I'm sure that this sounds frivolous and not as serious as I've read in some of the other bloggers[sic] post, but I refuse to resign myself to that sort of political jargon incessantly. I am not brilliant, but I am far from stupid. I'll make my comments on current events as it suits me, as this is my corner of the web and no one elses [sic].
That first post says a lot about where I was when I began writing here, besides being a commentary on my proofread-as-I-write skills). I wanted an open corner - something that belonged to me, but something that everyone could see. But I dropped Blogger before it could even think about becoming a bad habit. I went over to Xanga, but that went bust sometime early last year. I'd been typing away over at Xanga, but I had locked that profile and even protected some of the posts. What's the point of keeping a blog when it's only a conversation between you and certain people? If that's all it is, then why not tell them personally? That's what my Xanga boiled down to. It wasn't about writing about the world and being aware. It was about constantly turning inward, constantly reaching for something, and then constantly shelving it, away from curious eyes.

If I wanted to be constantly introspective, I should have started a diary. I think that realization hit me sometime ago. I became overwhelmingly dissatisfied at my desire to dissect myself. I accept that the unexamined life isn't worth living. But life is broad, and doesn't just include my own, right? So now, my Xanga sits, overgrown with weeds and ivy.

As clear as my intentions were, I didn't post on Adamant's Fire until that following May. Because that entry came after such a long hiatus, the new entry set the tone. I was leaving for Florence, and it was my first time out of the country. I was very afraid, but I was excited. I felt like an explorer, setting out to chart a legendary territory. While few places are as thoroughly mapped out as Italy, I was able to keep myself from the disenfranchisement inherent in European traveling - the thought of "this has been done before."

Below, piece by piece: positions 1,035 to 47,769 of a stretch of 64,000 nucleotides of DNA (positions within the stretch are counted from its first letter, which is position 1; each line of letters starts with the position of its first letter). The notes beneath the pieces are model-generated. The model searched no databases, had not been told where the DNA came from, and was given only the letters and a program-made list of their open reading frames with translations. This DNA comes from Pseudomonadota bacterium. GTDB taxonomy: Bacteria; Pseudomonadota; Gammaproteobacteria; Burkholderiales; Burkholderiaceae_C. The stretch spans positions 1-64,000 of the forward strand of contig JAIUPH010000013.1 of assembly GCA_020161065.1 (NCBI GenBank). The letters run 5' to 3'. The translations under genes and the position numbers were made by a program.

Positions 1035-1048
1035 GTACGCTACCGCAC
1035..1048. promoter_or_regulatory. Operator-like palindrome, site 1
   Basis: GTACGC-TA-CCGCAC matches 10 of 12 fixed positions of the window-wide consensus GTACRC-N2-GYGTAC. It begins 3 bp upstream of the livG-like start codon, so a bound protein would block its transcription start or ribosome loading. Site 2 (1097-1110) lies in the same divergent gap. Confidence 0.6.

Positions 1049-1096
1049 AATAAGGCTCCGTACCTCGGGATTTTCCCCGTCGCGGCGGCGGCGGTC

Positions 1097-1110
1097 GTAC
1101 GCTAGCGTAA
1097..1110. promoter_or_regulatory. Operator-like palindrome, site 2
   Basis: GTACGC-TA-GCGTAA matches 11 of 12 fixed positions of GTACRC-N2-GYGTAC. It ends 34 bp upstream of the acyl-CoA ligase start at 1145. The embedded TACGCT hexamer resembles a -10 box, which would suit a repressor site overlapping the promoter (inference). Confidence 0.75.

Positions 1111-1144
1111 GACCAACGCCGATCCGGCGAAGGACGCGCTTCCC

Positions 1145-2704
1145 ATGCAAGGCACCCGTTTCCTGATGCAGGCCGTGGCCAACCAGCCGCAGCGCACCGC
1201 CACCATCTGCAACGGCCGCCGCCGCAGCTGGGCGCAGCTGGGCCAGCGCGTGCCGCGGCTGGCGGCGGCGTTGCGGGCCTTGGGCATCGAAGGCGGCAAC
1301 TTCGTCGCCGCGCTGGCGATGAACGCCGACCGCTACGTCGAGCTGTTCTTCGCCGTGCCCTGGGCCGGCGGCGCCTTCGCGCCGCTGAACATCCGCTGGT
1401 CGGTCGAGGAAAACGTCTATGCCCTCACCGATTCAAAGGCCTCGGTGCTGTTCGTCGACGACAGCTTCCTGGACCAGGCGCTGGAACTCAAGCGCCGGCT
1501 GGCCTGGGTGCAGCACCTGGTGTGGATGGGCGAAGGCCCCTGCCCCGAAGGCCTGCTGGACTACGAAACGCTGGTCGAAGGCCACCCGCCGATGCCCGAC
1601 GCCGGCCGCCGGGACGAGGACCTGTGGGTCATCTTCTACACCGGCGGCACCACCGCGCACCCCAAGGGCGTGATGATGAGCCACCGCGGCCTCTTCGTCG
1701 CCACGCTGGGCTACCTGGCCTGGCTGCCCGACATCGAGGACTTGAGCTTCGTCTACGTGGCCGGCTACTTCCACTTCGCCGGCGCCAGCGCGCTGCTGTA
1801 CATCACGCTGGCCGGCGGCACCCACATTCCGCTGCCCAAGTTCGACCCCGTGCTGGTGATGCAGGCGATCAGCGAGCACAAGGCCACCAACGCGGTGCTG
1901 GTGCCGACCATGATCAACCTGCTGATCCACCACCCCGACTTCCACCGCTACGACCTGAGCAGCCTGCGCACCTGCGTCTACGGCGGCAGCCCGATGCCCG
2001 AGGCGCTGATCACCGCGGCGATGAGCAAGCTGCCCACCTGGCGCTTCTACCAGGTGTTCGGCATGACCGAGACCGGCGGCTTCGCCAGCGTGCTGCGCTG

I've established that this blog is about possession (ideas, opinions, emotions, space), but also about passion.

A username that I use a lot is "Adamanthenes." You may have noticed that my username for this blog is "W.E.B. Adamant." It was a very conscious switch, though subtle and a lot easier to pronounce.

"Adamant" is a contradiction. As can be seen throughout this blog and throughout many of my other writings, I am adamant about many things - opinionated, sometimes unwavering, and bold. However, I can be just as confused, wishy-washy, and indecisive - even weak - as anyone else. I can be everything, and I can be nothing. Sometimes, it doesn't take much to make me one way or the other.

The suffix, -henes, is very much ancient and not of my time, but I dreamed the fusion of "Adamant" and "-henes" after reading Orson Scott Card's Ender's Game, in which one of the characters (Valentine) writes on the "nets" as "Demosthenes." I took due inspiration, and left it at that. (Last summer while I was in the Musei Vaticani, I quite accidentally happened upon my partial namesake's 2000-year-old bust. It was strange and amazing.)

I don't remember when I made the switch to "W.E.B. Adamant", but I did it because I wanted to make a new name for myself. W.E.B. Adamant was going to be my nom de plume. Of course, it was going to be awesome and launch my literary career. Somewhat depressingly, those dreams were somewhat squashed when people missed the hint and associated my name with the my awesome pseudonym. I'm still thinking of another. I'll be alright, though. It'll take more than a pseudonym to get me down.